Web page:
Author Archives: Lloyd Princeton

Take a Realtor to Lunch

About one in four purchasers of an existing home plans to do some remodeling or upgrading to bring the property up to date and transform it into the home they really want. Even allowing for the fact that only one in five of these buyers is likely to hire an interior designer to help them with their project, with some five million homes a month trading hands, that’s still a lot of potential business. Are you getting your share?

Demand for existing homes, especially those in good neighborhoods, is high. Competition in some areas is fierce, and desirable homes do not stay on the market for long before eager buyers willing to pay well over the asking price snatch them up. If you’re looking to market your services to these buyers, you need to have an inside track to the market. You want to be well connected with local real estate agents.

It’s not enough to distribute your business card and marketing materials to local agents and hope for the best. You need to build strong relationships with them, and that takes time and effort. Begin with an invitation to lunch, breakfast or coffee. The purpose of this first encounter is to introduce yourself and to learn more about the agent’s business and clients. You are not trying to sell the agent on your services, but let them know how you may be of potential service to them, such as notifying them when hear of a property that may be coming on the market shortly. Don’t harass them, but keep in contact regularly to share information and advise them of your availability. If you do get a referral, be sure to thank the agent and send an appropriate gift for their courtesy.

A referral for a real estate agent just after the major purchase of a house or condo could be extremely lucrative, but you need to have established trust and kept the lines of communication open and active. If their clients are happy with your services, that’s an added bonus for the agent, too, and will incentivize them to keep sending business your way.

What’s Your SQ?

Having an impressive portfolio will certainly get the attention of prospective clients. But it’s no guarantee they will hire you. When it comes down to choosing one provider over another, what often drives a customer’s decision is the provider’s reputation for excellent service. No matter how good your design skills, if a client fears you will be unresponsive, distracted or difficult to work with, they will look to someone else to handle their project.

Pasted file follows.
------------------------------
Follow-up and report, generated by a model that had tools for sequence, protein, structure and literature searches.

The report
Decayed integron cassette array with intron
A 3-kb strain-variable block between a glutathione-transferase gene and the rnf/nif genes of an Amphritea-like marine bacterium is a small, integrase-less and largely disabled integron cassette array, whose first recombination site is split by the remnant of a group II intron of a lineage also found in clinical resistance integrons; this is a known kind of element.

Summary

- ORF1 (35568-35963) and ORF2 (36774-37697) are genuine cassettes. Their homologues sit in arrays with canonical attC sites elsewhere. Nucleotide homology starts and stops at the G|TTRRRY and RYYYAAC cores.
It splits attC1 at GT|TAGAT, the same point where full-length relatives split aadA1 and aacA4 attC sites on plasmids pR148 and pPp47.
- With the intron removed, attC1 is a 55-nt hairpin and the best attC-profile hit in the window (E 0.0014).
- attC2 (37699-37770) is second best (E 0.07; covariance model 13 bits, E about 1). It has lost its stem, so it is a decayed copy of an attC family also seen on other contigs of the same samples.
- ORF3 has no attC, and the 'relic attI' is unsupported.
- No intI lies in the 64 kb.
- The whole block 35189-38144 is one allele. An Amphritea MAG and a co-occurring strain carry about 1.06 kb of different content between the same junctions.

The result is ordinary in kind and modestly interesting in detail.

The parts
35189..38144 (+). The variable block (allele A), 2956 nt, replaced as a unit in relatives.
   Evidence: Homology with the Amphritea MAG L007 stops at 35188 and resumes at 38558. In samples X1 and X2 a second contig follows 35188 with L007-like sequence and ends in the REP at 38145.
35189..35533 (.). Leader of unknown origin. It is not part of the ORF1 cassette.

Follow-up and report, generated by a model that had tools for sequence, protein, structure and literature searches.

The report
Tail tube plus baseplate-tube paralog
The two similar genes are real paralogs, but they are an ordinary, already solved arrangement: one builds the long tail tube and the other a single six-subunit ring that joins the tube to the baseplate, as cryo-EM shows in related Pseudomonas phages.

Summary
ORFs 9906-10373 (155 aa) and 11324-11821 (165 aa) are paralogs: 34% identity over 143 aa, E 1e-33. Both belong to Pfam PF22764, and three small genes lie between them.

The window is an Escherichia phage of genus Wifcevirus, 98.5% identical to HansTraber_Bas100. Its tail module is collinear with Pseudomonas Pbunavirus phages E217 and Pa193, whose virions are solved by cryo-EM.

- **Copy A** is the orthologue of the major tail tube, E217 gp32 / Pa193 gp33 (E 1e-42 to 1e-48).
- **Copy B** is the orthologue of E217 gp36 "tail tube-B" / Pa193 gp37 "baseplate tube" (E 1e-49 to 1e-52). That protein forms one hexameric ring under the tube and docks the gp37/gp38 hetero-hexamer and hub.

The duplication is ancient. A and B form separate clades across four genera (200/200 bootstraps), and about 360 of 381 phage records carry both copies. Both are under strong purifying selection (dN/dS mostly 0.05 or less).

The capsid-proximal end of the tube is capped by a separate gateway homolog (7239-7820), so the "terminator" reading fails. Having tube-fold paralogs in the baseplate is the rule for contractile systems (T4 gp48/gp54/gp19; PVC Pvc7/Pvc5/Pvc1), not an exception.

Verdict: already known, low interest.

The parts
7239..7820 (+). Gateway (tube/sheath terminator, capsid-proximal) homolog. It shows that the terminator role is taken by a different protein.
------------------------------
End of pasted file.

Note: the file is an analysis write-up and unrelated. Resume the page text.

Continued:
In the eyes of the client, your level of service translates into how much you value them. If you don’t answer phone calls, respond to emails or text messages, bill them for charges they don’t understand or believe they didn’t agree to, or get off schedule or budget with no warning or clear explanation, they will assume you don’t place much importance on them or their business. That can lead to bad feelings and complications down the line, from disagreements about implementing the project to dispute over invoices and negative reviews.

One way to assess your level of service is to compute your firm’s SQ – its service quotient, sometimes called the customer service quotient. Review the projects you’ve completed in the past month and give each of them a rating (from 1 = poor to 5 = outstanding) on key customer service areas, such as providing a clear and comprehensive written proposal for the project, timely response to phone calls and written communications, staying schedule and budget, adhering to stated work hours and delivery dates and times, etc. Now, do the same with areas where you fell short or received a complaint from the client (from 1 = minor to 5 = extremely serious).

If you are seeing a majority of 4s and 5s in your service ratings and mostly 1s and 2s in your problem ratings, your level of service is more than satisfactory. Otherwise, circle those areas where your service rating is low or your problem rating is high and work on improving them. When clients are happy with your service, they’ll also be more enthusiastic about the results you deliver.

Look for the Untapped Niche

Find a need and fill it is the old business maxim. The corollary to that maxim is not to drop your line in the pond where everyone else is fishing. These days there are lots of anglers, both professionals and non-professionals, trawling the same pool of potential interior design customers. Your best bet to reduce the competition is to look for a different pond.

Interior design clients are not all alike and are not all looking for the same thing. You can increase your business by focusing on a niche rather than promoting yourself as a generalist. I recently came across an article about a young designer who realized most residential designers pitch their services to couples. So she decided to focus her business on bachelors, who were underserved and have specific needs that couples do not. By talking with bachelors and taking on a few as clients, she learned not only what services to offer but how to market her services to appeal to them, promising a streamlined process with a high quality result. Her business is booming.